Now Is The Best Time To Refinance Private Student Loans?

While the federal government originally offered suspended payments and no interest on federal student loans until the end of September, that deadline was recently extended to December 31, 2020.

Following this historic pause on student loan payments and interest, it is now the worst time to refinance federal student loans with a private lender. After all, you don’t have to make a single payment on your federal loans until the end of the year, and the fact that you don’t earn interest means you can get your loans back on January 1 without waste nothing but time.

That being said, what about private student loans?

Some private lenders are offering short-term forbearance to borrowers affected by COVID-19, but those who can still keep track of their loan payments may be in the best position to refinance and get a much better deal.

Councilor ForbesBest Student Loan Refinance Lenders of 2020

Why You Should Refinance Private Student Loans Now

The main reason you should consider refinancing private student loans right now is the same reason consumers have been breaking through lenders’ doors to refinance their mortgages. Record breaking interest rates have created an environment where those who can qualify for refinancing can easily save thousands of dollars in interest or more, and all for the amount of work involved in submitting documents and jumping through some hoops. .

How far can the interest rate on your student loan go? It really depends on your credit rating, your income, and how the rates go from here.

Ryan Inman, who is the founder of Wealth management services for physicians, says he recently worked with several physician clients who got rates below 1% when they refinanced their student loans. A few of his clients got rates between 0.4% and 0.5%, and another got a refinance rate of 0.14%. All of those rates were available on 5-year variable loans through, he says.

The amount of money these borrowers will save can be substantial, especially considering the fact that most of Inman’s clients start their medical careers with massive amounts of student debt. Among clients who were able to refinance their student loans at these record high rates, Inman says they all owed more than $ 100,000 on their student loans, but most owed more than $ 200,000.

Inman says that some of his clients who have refinanced have seen their payments increase since switching from a 10-year repayment plan to a new 5-year variable rate loan. However, a few other clients saw their payments drop because they refinanced over a longer period of time.

Either way, Inman says that “rates overall have been cut from about 3% to 4%.”

How Much Can You Save By Refinancing Private Student Loans?

Not everyone will be able to claim interest rates as low as those Inman has helped their clients achieve. After all, the best refinancing rates and terms always go to those with great credit and incredibly strong income profiles, and doctors are in an excellent position to qualify because of their high salaries and job security. .

Yet today’s record interest rates still mean that a large percentage of borrowers can qualify for a better deal. According to a recent analysis of 60,000 tariff requests Submitted to Credible in August 2020, rates on a 10-year loan averaged a record low of 4.31%, down 29% from the 6.09% high in May 2018.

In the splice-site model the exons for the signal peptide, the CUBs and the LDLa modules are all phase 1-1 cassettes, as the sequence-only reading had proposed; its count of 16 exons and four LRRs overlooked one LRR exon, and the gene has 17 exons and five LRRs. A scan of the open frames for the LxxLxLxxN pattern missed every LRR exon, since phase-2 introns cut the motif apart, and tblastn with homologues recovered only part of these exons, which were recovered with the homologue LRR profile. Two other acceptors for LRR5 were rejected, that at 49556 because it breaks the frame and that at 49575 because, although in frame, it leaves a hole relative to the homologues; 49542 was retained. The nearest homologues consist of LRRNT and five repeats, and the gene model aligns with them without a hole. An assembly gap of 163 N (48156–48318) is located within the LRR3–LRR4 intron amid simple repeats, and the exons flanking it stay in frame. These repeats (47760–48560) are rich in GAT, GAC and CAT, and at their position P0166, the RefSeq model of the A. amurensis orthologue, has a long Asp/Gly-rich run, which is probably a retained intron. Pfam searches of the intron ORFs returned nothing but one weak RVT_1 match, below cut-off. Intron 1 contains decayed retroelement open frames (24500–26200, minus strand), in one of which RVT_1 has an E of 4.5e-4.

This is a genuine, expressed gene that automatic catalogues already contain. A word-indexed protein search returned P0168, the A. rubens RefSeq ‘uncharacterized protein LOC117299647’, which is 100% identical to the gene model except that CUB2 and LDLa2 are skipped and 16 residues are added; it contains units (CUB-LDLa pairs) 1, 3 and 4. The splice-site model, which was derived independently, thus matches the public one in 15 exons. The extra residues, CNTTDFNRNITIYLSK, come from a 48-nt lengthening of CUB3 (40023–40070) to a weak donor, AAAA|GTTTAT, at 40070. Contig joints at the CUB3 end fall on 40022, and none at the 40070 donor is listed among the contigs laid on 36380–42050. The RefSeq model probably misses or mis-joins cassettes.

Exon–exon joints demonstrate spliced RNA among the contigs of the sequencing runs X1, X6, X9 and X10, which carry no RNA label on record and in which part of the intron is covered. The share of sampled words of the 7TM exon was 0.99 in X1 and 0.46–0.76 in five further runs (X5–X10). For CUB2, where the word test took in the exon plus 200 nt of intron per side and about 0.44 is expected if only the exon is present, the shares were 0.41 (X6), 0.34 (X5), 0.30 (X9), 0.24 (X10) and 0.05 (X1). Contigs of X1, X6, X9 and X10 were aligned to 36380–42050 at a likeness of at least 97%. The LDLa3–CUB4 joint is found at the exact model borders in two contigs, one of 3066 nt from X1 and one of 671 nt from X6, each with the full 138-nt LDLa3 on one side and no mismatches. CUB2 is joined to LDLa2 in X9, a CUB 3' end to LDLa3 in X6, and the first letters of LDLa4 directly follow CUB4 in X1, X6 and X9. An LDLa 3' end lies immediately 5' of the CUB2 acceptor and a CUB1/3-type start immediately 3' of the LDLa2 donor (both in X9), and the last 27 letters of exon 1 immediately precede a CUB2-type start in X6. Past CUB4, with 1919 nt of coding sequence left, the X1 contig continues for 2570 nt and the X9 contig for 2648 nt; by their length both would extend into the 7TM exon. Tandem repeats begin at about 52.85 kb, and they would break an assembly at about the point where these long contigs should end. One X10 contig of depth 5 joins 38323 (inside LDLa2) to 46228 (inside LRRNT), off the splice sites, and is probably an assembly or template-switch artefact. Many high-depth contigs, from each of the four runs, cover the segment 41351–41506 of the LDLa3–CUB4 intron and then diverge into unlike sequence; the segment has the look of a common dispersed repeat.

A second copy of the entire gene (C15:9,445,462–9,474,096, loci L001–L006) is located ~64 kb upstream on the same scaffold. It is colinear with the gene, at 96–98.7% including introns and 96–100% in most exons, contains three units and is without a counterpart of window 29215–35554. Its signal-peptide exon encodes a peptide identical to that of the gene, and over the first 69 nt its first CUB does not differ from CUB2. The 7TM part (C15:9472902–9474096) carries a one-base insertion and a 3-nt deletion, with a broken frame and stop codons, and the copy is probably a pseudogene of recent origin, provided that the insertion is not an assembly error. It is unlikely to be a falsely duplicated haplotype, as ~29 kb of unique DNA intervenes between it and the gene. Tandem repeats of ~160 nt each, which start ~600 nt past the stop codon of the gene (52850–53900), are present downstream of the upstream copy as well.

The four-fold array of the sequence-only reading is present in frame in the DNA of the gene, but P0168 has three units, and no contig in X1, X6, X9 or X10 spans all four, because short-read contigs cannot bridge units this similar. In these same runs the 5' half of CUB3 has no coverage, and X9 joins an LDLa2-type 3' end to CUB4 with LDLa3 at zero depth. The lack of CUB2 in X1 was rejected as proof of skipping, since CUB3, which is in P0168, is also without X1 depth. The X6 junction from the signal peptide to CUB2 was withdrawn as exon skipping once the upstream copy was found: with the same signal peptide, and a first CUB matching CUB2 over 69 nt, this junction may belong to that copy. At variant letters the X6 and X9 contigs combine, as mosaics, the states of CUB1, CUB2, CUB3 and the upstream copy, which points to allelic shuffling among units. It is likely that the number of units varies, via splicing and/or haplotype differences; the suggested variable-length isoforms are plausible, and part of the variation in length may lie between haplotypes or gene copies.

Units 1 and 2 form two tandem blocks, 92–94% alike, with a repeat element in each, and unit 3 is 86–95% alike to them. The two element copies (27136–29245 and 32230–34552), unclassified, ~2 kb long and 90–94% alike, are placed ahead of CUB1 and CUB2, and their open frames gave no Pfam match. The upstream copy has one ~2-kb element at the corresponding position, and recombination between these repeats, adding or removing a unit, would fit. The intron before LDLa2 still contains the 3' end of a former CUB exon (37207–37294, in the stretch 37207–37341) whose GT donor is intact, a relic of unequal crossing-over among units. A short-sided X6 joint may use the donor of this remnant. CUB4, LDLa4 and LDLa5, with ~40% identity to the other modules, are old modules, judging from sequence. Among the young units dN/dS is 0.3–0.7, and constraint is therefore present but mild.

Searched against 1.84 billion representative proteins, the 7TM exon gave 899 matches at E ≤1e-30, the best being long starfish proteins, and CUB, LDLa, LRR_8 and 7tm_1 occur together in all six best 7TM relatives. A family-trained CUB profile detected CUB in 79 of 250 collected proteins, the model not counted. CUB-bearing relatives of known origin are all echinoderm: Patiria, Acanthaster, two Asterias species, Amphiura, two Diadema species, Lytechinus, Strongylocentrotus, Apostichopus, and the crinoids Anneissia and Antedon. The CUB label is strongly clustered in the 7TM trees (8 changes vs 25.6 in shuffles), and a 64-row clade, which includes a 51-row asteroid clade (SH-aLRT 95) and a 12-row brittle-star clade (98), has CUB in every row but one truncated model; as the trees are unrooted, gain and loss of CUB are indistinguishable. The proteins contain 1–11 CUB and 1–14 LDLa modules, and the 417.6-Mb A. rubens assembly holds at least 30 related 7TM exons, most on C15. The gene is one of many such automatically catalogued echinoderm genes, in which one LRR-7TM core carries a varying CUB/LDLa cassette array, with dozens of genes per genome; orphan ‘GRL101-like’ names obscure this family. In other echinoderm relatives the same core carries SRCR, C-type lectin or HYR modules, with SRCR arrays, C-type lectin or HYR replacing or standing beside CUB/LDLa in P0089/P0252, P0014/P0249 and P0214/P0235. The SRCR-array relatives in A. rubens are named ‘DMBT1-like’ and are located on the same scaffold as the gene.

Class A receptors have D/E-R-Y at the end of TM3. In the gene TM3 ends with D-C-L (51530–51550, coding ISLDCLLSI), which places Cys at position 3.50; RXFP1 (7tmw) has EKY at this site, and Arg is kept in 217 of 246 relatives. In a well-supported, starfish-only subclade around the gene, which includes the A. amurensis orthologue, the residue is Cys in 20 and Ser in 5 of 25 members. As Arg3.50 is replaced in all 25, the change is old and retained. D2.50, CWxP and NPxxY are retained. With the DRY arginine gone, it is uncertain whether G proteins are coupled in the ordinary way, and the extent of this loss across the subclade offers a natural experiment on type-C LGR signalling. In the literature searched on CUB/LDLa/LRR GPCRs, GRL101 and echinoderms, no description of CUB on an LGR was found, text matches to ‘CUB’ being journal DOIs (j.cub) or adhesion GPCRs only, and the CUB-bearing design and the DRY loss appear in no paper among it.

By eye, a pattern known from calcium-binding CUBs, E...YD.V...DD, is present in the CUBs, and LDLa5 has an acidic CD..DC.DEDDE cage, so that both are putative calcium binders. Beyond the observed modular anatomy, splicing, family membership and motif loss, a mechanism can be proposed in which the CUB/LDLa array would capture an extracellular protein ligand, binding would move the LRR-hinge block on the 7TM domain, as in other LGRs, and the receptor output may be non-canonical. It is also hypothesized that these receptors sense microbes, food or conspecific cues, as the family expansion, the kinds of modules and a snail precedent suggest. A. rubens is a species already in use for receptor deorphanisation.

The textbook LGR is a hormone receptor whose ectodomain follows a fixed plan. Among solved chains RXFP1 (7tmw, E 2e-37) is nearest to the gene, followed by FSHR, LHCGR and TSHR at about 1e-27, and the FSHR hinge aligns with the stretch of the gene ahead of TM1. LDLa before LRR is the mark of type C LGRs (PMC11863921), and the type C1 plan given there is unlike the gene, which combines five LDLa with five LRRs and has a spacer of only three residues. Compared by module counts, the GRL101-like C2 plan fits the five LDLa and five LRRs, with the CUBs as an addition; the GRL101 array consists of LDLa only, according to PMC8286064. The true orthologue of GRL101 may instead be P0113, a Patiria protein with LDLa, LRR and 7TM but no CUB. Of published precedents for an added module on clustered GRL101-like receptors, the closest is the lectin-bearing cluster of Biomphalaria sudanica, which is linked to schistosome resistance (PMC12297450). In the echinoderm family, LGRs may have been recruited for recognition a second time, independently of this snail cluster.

When you run the numbers with those numbers, it’s easy to see how the hassle of refinancing could be very profitable.

After all, a borrower with $ 60,000 in student loans on a 10-year repayment plan would pay $ 689.20 per month on their loans for 120 months with a total loan cost of $ 82,704.49.

But if you refinanced at the 4.31% lower average rate, you would pay $ 629.63 per month for 120 months for a total loan cost of $ 75,555.86. That’s a savings of over $ 7,000 just for filling out paperwork.

Ready to refinance? Steps to take now

If you think you might benefit from refinancing your student loans, but you’re not quite sure, be aware that many student loan refinancing companies like Credible and College Ave allow you to “check your rate” without a thorough investigation of your credit report. This option allows you to assess your ability to qualify for a student loan refinance while uncovering an approximate range of interest rates for which you may be eligible. From there, you can use a student loan calculator to find out how much you could save by refinancing your loans at your current rate into a new loan with better terms.

Before taking the necessary steps to refinance your student loans, it may also be helpful to take stock of your credit score so you know where you stand. Also, keep in mind that the best refinancing rates and terms go to those with very good or excellent credit, which usually means a FICO score of 740 or higher.

If your credit score isn’t great, you might want to see if a family member with great credit would be willing to co-sign your new student loan. After all, applying with a co-signer who has excellent credit can dramatically improve your chances of qualifying for the lowest rates and best terms. Remember, you shouldn’t take your co-signer for granted and they are putting their own credit on the line to help you out.

The bottom line

If you have private student loans with higher rates than currently advertised, the least you can do is pre-qualify to see if you have the credit and income required for a lower interest rate, payment lower monthly, or both. You have nothing to lose by checking your rate to see if you can qualify, but you could miss out on thousands of dollars in savings if you procrastinate or forget.